Is Earthquake Insurance Worth the Cost?
I am not much of a fan of "could it happen here" stories, but the earthquake in Haiti does remind us that much of the United States, in fact much of the world, lives along fault zones. In the last 110 years, quakes have shaken the ground in 39 states. Ninety percent of Americans live in potential quake zones.
Geologists now believe that major quakes anywhere could weaken faults worldwide.
So, should you buy earthquake insurance? There is usually a surge of interest after big quakes.
Here is what you need to know:
- Homeowners insurance typically does not cover earthquake damage. It is sort of like flood damage; if you want coverage, you need special insurance.
- Depending on where you live, quake insurance is fairly inexpensive. Wood homes, which tend to absorb shock more than brick or stucco, might be less costly to insure against quakes. You often can get discounts if you strap down your water heater, meet new building codes for quake safety and agree to a high deductible. One-story homes are less costly to insure than multiple-story housing.
- United Policyholders says, "Could you afford to pay out of pocket for repairs/rebuilding? What would you do if you couldn't? Quake damage often requires engineering fixes which can be very expensive -– typically $50k and up. Can you afford a policy with a 10 percent instead of a 15 percent deductible and if so -– how much would the damage have to be before coverage would kick in?"
- Insure.com says, "Even in California, where earthquake fears are a daily fact of life, only about 12 percent of homeowners have earthquake insurance, according to the California Earthquake Authority (CEA), down from 30 percent in 1996 when the state legislature created the CEA. Each year, more homeowners get rid of earthquake coverage than buy it because, according to consumer groups, they believe the policies cost too much and cover too little."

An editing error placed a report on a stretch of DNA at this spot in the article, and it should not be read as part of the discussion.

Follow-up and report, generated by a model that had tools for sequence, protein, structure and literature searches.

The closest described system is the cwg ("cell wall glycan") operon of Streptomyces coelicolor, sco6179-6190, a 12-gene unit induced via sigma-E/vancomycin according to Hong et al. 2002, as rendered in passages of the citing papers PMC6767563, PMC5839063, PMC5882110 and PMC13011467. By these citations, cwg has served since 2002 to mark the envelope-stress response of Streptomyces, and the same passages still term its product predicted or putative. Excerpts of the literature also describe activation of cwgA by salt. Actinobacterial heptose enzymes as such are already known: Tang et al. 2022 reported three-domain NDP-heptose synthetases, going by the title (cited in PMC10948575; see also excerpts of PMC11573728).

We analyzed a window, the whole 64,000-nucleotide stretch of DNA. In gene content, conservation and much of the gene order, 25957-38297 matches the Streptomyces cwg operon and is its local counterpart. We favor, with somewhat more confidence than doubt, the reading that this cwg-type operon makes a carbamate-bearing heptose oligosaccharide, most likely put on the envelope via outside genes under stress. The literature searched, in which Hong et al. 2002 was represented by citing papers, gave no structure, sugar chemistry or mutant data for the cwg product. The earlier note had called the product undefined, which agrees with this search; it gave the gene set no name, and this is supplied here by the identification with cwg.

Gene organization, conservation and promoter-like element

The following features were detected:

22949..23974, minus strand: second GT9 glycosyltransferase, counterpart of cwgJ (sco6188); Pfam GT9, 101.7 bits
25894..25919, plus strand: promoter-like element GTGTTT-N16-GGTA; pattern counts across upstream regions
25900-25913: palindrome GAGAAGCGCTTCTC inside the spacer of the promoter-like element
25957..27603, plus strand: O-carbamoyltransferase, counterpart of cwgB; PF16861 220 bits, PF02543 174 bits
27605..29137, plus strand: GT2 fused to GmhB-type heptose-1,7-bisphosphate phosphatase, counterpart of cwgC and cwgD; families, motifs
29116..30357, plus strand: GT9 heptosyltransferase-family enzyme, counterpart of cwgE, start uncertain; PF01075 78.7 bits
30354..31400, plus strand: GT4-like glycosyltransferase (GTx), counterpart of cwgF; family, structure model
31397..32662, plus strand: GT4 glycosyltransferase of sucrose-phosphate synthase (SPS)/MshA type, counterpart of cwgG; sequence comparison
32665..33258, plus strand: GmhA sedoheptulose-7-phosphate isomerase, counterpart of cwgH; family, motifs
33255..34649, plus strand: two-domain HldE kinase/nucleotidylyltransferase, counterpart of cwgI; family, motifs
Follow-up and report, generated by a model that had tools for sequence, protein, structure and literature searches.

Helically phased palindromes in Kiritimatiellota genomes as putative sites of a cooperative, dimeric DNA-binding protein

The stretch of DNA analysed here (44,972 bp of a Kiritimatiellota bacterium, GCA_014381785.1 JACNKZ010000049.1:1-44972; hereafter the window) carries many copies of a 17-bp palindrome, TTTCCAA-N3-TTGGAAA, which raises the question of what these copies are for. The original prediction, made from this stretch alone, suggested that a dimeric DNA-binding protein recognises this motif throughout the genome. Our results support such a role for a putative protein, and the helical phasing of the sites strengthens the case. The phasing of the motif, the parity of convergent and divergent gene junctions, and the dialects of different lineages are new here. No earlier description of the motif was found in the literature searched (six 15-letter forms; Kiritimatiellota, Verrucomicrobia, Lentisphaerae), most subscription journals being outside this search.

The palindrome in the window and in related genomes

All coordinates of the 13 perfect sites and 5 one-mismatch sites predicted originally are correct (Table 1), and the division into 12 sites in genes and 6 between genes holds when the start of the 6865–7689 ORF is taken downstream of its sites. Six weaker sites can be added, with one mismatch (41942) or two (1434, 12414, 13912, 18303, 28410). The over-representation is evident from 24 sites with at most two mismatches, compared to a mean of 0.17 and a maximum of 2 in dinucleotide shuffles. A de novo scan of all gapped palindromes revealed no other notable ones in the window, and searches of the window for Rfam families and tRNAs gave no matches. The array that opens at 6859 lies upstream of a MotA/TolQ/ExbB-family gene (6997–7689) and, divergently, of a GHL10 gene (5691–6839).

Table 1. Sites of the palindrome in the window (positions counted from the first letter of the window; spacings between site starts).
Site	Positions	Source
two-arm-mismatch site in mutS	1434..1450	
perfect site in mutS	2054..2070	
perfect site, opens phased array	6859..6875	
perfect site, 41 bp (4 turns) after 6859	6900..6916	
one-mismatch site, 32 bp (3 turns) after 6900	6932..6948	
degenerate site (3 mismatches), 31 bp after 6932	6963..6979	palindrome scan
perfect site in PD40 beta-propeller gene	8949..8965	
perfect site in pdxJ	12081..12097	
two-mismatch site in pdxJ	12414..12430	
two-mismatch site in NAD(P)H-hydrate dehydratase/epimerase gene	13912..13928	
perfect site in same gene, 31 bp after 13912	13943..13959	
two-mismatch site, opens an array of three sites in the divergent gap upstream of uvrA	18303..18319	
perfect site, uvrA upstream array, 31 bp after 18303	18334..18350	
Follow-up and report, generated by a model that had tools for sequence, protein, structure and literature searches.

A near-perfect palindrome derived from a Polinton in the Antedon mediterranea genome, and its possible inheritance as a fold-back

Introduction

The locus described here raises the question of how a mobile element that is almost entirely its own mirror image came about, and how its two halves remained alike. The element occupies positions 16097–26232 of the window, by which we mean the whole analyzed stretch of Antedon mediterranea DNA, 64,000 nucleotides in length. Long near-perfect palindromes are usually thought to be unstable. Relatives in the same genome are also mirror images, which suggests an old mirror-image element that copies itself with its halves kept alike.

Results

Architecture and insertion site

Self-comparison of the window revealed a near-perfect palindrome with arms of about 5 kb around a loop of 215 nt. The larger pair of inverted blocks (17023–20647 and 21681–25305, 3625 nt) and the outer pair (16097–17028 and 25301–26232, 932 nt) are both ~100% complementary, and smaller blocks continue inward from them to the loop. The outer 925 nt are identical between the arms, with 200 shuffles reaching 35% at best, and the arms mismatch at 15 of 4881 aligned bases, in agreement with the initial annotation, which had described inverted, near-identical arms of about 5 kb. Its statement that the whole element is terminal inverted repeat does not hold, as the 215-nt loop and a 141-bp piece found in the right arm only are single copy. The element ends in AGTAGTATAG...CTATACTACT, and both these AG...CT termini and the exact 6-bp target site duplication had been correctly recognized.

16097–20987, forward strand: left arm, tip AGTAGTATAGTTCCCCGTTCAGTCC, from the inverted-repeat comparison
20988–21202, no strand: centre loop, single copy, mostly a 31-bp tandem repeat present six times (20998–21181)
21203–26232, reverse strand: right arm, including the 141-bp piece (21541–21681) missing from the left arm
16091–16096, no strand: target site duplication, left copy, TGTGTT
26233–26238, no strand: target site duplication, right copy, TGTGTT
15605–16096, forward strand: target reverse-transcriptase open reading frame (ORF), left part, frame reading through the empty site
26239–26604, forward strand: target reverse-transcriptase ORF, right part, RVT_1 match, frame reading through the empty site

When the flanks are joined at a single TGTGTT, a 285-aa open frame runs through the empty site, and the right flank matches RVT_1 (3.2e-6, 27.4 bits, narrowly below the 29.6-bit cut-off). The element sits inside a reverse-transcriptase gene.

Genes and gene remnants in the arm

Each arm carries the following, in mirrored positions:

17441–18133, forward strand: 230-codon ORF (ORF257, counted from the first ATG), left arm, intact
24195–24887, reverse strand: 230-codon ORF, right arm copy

- Quakes are not just "a California thing." The South Carolina Earthquake Education and Preparedness Program at the College of Charleston points out that in 1886, a quake measuring from 6.9 to 7.3 on the Richter scale hit South Carolina, causing heavy damage and killing more than 60 people. The Earthquake Education Center at Charleston Southern University said there is an even chance that a major quake will hit the eastern United States in the next 20 years.
California has its own strategic plan for earthquakes.
United Policyholders, a nonprofit group that does public education on insurance issues (and is funded by grants and foundations, and is largely run by volunteers) provides the following links:
- "Is Earthquake Insurance Right For You? Doing the math to find out if buying it is the right financial decision for you." [PDF]
- "The Big One and The Big Question: Earthquake Insurance: To Buy or Not to Buy...? What to consider when weighing the pros and cons of buying earthquake insurance" [PDF]
- "Earthquake Insurance Shopping Resources. Shopping options for homeowners"
- "Earthquake Insurance for Renters. Shopping options for renters" (PDF)